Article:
Summary: Is an employee acting reasonably if s/he refuses an offer of suitable alternative employment in a redundancy situation, even if it appears that a reasonable employee should have accepted the employer’s offer of alternative work?
In our January 2012 Newsletter we updated you that the EAT said ‘Yes’ to the above question. The EAT confirmed that the test is subjective (i.e. assessed from the employee’s point of view) and held that Mrs Readman’s decision to refuse the modern matron role was ‘within the band of reasonable responses which were open to her’.
However, the Court of Appeal has now clarified, in the case of Readman v Devon Primary Care Trust, that although the test is ultimately subjective, the question of whether an employee’s refusal of suitable alternative employment is reasonable depends on the circumstances of the particular employee. It is not appropriate to apply a ‘band of reasonable responses’ test to this question.
Facts: Mrs Readman worked for the employer PCT from 1985 to 2008 in community based nursing. She was ultimately employed as a community based modern matron. In November 2007 she was placed at risk of redundancy and was offered three alternative roles, one as a modern matron working in a small community hospital. She refused this on the basis that she had been working in community nursing roles for over 20 years and had no desire to return to a hospital setting. Her refusal was also against a background of a desire to emigrate to Canada, and in the interim she was offered a job in Canada. She was made redundant in November 2008 and emigrated to Canada in 2009. The respondent refused to pay a redundancy payment, asserting that Mrs Readman’s refusal was an unreasonable rejection of suitable alternative employment.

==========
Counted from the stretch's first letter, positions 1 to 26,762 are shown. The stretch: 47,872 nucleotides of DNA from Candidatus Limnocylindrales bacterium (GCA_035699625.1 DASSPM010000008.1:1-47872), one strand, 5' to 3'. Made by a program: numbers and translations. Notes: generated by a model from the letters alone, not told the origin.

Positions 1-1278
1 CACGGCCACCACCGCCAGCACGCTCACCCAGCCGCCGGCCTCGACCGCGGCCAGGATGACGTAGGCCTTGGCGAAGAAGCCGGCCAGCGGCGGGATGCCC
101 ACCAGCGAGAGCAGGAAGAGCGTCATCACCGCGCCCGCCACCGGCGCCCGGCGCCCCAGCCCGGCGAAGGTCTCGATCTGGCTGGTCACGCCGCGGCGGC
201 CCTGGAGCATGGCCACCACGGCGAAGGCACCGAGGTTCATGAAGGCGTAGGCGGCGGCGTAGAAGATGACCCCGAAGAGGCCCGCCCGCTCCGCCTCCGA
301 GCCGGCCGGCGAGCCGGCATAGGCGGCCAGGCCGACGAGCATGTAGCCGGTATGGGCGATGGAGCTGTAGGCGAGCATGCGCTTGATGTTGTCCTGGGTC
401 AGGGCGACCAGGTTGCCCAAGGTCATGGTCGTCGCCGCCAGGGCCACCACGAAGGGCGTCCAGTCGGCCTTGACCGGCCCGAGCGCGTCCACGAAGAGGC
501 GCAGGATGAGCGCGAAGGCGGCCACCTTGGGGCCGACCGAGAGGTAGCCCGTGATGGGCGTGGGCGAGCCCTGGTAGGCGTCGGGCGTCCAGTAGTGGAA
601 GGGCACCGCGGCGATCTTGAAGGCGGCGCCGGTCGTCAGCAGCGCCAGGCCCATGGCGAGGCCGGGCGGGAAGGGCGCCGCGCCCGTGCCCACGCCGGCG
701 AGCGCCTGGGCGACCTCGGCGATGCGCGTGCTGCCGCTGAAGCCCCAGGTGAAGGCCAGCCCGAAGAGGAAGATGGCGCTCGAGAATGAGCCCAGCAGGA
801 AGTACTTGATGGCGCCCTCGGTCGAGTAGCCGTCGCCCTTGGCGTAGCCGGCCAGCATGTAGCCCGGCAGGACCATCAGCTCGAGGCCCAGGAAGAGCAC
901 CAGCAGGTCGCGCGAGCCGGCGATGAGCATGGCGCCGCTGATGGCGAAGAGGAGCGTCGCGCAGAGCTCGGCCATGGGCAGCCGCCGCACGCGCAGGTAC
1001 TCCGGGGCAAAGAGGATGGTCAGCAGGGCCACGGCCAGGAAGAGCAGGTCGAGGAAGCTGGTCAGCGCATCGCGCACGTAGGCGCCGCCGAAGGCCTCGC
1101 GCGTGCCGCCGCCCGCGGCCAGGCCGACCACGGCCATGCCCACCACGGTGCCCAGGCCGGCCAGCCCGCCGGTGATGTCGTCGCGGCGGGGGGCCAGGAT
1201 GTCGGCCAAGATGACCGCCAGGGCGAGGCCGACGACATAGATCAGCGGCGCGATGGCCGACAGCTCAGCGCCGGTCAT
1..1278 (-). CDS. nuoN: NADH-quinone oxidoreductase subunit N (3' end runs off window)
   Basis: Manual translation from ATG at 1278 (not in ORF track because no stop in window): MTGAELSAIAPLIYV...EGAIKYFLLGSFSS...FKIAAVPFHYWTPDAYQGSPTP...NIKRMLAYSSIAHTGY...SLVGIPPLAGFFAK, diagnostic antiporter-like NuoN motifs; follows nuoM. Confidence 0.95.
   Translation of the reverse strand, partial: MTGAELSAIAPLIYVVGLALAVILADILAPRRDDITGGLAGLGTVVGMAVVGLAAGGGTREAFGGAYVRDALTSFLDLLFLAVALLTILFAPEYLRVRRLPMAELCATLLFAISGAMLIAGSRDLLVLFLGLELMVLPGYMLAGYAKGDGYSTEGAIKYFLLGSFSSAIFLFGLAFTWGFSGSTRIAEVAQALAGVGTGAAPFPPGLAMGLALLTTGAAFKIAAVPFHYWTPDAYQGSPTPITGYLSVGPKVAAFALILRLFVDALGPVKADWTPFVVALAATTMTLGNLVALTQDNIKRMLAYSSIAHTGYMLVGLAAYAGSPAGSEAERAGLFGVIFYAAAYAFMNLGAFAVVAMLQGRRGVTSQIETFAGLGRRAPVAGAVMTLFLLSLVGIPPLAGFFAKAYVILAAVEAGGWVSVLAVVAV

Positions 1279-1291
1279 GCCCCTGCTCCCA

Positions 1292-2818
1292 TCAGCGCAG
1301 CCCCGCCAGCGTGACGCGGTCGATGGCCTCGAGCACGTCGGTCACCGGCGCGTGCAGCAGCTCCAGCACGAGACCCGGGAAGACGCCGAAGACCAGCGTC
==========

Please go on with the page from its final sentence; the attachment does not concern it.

A Tribunal found that the PCT’s offer of the role of modern matron had been one of suitable alternative employment. On appeal, the EAT held that Mrs Readman’s decision to refuse the modern matron role was within the band of reasonable responses which were open to her.
The Court of Appeal found that the EAT had incorrectly applied the ‘band of reasonable responses’ test, which is the test for unfair dismissal, to the situation. There had been a failure to address Mrs Readman’s central point, which was that she did not want to return to work in a hospital setting. The Court of Appeal also concluded that further analysis was needed regarding the move to Canada and whether this was the reason for rejecting the post.
The case is therefore to be remitted back to the Tribunal for fresh consideration.
Implications: This is a useful clarification of the test to apply when deciding whether to make a redundancy payment following a refusal of suitable alternative employment.
The test remains two-fold: (1) suitability of alternative employment is looked at objectively, but then (2) the question of whether a refusal is unreasonable or not is looked at subjectively from the employee’s viewpoint.
The question of whether refusal of suitable alternative employment was reasonable would depend on the particular situation of the employee in question, and issues such as differences between hospital-based or community-based practice may be relevant if these are important in the mind of the employee. However, this is not (as suggested by the EAT) a question of whether the individual’s thinking falls within the band of reasonable responses. Instead, it is important, when considering a particular employee’s reasons for refusal, to identify what those reasons were and what relative weight they had in the employee’s decision-making process.